>> Internet Explorer and the behavior of this product needs to be made.  To 
>> say
>> a site is only accessible with an IE browser can mean two different 
>> things.
>> Either the product Internet Explorer or the behavior of an IE browser is
>> needed.  "Free" browsers able to 'model' Internet Explorer behavior 
>> provide
>> the means for less economically fortunate users to access sites optimized
>> for the Internet Explorer browser without incurring any expense or 
>> exposure
>> to any of the Internet Explorer security issues often cited.
>>
>>
>> Kurt Mattes
>>
>>
>> -----Original Message-----
>> From: david poehlman [mailto:david.poehlman@handsontechnologeyes.com]
>> Sent: Tuesday, February 01, 2005 9:37 AM
>> To: Mattes, Kurt (Bank One); kpierce2000@earthlink.net;
>> John.Carpenter@pdms.com; w3c-wai-ig@w3.org
>> Subject: Re: accessible banking:
>>
>>
>> I guess so but could you ellaborate on your question.
>>
>> Johnnie Apple Seed
>>
>> ----- Original Message -----
>> From: <Kurt_Mattes@bankone.com>
>> To: <david.poehlman@handsontechnologeyes.com>; 
>> <kpierce2000@earthlink.net>;
>> <John.Carpenter@pdms.com>; <w3c-wai-ig@w3.org>
>> Sent: Tuesday, February 01, 2005 9:22 AM
>> Subject: RE: accessible banking:
>>
>>
>>
>> Does "The law should read that anyone should be able to access
>> and fully use any tehnology appropriate for a task and which fits their
>> needs." include any browser capable of connecting to the Internet?
>>
>> Kurt Mattes
>>
>>
>> -----Original Message-----
>> From: w3c-wai-ig-request@w3.org [mailto:w3c-wai-ig-request@w3.org]On
>> Behalf Of david poehlman
>> Sent: Tuesday, February 01, 2005 9:10 AM
>> To: Kelly Pierce; John Carpenter; wai-ig list
>> Subject: Re: accessible banking:
>>
>>
>>
>> Kelly and all, the laws are flawed in this fashion.  they assume lack of
>> people function when the issue is lack of technology function.  I just 
>> read
>> a piece on this in fact from the ncd called "righting the ada" which 
>> sadly
>> carries this mal assumption forward.  90 ercent or more of the issues we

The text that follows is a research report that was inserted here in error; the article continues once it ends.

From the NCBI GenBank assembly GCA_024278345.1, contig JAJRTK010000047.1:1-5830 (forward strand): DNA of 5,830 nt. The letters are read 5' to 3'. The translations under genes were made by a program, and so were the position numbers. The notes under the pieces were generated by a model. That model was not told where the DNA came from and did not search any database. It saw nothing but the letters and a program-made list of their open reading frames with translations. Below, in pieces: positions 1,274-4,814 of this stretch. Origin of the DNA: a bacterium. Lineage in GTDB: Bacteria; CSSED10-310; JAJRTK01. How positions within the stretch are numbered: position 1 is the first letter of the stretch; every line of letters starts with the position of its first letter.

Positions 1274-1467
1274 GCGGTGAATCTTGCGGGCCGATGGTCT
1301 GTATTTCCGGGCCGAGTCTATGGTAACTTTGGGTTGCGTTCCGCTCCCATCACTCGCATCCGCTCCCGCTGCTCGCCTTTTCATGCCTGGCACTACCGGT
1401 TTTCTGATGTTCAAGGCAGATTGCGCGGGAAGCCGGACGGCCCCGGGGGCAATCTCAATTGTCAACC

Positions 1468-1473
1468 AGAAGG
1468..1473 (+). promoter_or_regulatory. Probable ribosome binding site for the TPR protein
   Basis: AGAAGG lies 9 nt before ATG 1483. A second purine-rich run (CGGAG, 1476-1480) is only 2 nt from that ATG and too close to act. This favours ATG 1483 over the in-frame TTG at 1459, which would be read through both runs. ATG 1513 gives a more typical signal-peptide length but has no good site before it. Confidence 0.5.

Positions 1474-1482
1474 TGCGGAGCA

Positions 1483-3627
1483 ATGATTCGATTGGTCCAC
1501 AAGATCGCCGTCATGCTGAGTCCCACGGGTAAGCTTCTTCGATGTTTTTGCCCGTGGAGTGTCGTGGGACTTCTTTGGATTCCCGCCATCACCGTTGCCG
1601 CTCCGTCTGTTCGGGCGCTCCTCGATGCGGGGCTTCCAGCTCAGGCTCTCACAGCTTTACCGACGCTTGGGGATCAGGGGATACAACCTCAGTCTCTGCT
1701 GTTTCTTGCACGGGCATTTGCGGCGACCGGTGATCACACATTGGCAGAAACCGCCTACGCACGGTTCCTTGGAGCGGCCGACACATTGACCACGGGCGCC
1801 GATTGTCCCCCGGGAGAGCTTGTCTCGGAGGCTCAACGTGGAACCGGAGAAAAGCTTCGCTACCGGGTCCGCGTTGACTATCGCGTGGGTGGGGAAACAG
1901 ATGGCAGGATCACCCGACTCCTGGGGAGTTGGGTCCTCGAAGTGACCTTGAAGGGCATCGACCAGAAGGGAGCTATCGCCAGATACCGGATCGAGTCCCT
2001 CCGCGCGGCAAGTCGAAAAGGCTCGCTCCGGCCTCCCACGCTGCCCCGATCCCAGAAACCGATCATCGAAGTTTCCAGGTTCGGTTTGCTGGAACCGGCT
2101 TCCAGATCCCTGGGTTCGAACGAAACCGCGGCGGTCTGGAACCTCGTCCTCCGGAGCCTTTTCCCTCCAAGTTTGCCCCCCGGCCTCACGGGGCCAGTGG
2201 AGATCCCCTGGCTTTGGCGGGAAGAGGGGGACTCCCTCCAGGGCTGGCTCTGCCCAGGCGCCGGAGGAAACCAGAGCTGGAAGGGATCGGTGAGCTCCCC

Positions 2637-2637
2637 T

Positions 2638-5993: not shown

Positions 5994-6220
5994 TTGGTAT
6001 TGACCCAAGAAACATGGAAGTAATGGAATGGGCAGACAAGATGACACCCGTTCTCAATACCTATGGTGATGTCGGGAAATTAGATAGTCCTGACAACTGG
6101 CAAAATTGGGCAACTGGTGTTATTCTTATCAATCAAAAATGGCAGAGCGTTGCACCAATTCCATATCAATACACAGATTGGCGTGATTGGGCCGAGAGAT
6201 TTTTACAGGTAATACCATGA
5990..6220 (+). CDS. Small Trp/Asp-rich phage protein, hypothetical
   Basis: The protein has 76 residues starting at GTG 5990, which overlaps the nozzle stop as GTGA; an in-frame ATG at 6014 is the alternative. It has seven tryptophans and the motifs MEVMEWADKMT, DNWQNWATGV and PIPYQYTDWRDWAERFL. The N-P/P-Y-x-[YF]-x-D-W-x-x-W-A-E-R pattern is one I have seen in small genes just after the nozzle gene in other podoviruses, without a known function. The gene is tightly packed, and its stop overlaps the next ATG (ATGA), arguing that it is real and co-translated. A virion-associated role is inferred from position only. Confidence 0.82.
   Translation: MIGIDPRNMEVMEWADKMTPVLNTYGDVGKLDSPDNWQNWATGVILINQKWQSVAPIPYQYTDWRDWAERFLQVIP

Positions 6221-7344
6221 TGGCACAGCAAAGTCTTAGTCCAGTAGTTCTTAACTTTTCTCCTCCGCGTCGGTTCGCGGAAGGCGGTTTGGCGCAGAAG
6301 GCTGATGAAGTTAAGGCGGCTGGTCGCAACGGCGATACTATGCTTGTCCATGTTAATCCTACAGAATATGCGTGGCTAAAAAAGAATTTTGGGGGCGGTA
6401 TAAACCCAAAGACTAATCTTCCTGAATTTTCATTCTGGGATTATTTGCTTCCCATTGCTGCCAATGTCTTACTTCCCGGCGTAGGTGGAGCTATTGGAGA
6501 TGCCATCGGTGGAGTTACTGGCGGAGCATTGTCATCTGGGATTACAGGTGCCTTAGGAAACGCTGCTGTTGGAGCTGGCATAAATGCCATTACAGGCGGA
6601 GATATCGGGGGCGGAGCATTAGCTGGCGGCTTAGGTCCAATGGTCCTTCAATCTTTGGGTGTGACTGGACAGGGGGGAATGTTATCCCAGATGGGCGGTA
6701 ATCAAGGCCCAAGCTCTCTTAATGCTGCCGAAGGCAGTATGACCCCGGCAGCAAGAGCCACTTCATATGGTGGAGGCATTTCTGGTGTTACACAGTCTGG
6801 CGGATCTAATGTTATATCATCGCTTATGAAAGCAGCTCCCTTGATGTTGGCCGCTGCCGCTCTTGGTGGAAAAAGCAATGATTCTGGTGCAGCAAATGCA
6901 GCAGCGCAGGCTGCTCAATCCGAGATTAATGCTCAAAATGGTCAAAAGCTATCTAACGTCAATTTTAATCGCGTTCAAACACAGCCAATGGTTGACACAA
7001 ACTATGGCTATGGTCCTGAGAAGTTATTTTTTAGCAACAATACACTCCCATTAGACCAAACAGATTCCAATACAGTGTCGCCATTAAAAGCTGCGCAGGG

>> face are artificial and the sooner they are dealt with, the better.  It 
>> is
>> as you point out 2005 and was not right in any age to task technology 
>> with
>> setting the tone for people's lives but rather technology should be 
>> tasked
>> to serve us.
>>
>> I did state in my message that this has nothing to do with law, but 
>> perhaps
>> I was in error.  The law should read that anyone should be able to access
>> and fully use any tehnology appropriate for a task and which fits their
>> needs.  There are many places in the country and in the world where is is 
>> a
>> mis fit and always will be.
>>
>> Johnnie Apple Seed
>>
>> ----- Original Message -----
>> From: "Kelly Pierce" <kpierce2000@earthlink.net>
>> To: "david poehlman" <david.poehlman@handsontechnologeyes.com>; "John
>> Carpenter" <John.Carpenter@pdms.com>; "wai-ig list" <w3c-wai-ig@w3.org>
>> Sent: Tuesday, February 01, 2005 9:03 AM
>> Subject: Re: accessible banking:
>>
>>
>>
>>
>> From: "david poehlman" <david.poehlman@handsontechnologeyes.com>
>> To: "Kelly Pierce" <kpierce2000@earthlink.net>; "John Carpenter"
>> <John.Carpenter@pdms.com>; "wai-ig list" <w3c-wai-ig@w3.org>
>> Sent: Tuesday, February 01, 2005 7:42 AM
>> Subject: Re: accessible banking:
>>
>>
>> > Part of accessibility is choice.  I should be able to access any web 
>> > site
>> > with any combination of user agent and technology accessibly and it be
>> > accessible.  Is this a tall order?  Yes, is it necessary, yes.
>>
>> **Not under the Americans with Disabilities Act.  As long as the means of
>> communication made available to you is effective, I.e. allowing you to
>> complete a certain task, then the bank has fulfilled its access 
>> obligations.
>> Under the ADA, courts view access by functional performance, not by 
>> process.
>> they also don't consider optimal or preferential means but the means that 
>> is
>> sufficient to complete the specified task.  You may choose not to use
>> Internet Explorer, but in 2005 I have not seen an argument saying that it 
>> is
>> unreasonable or insufficient to require people with disabilities only to 
>> use
>> Internet Explorer to access online banking services.  It seems like you 
>> want
>> access beyond what is required beyond that of the ADA.
>>
>> Kelly
>>
>>
>>
>>
>>
>>
>>
>>
>>
>>
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>>
>>
>>
>>
>>
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Received on Wednesday, 2 February 2005 04:57:07 GMT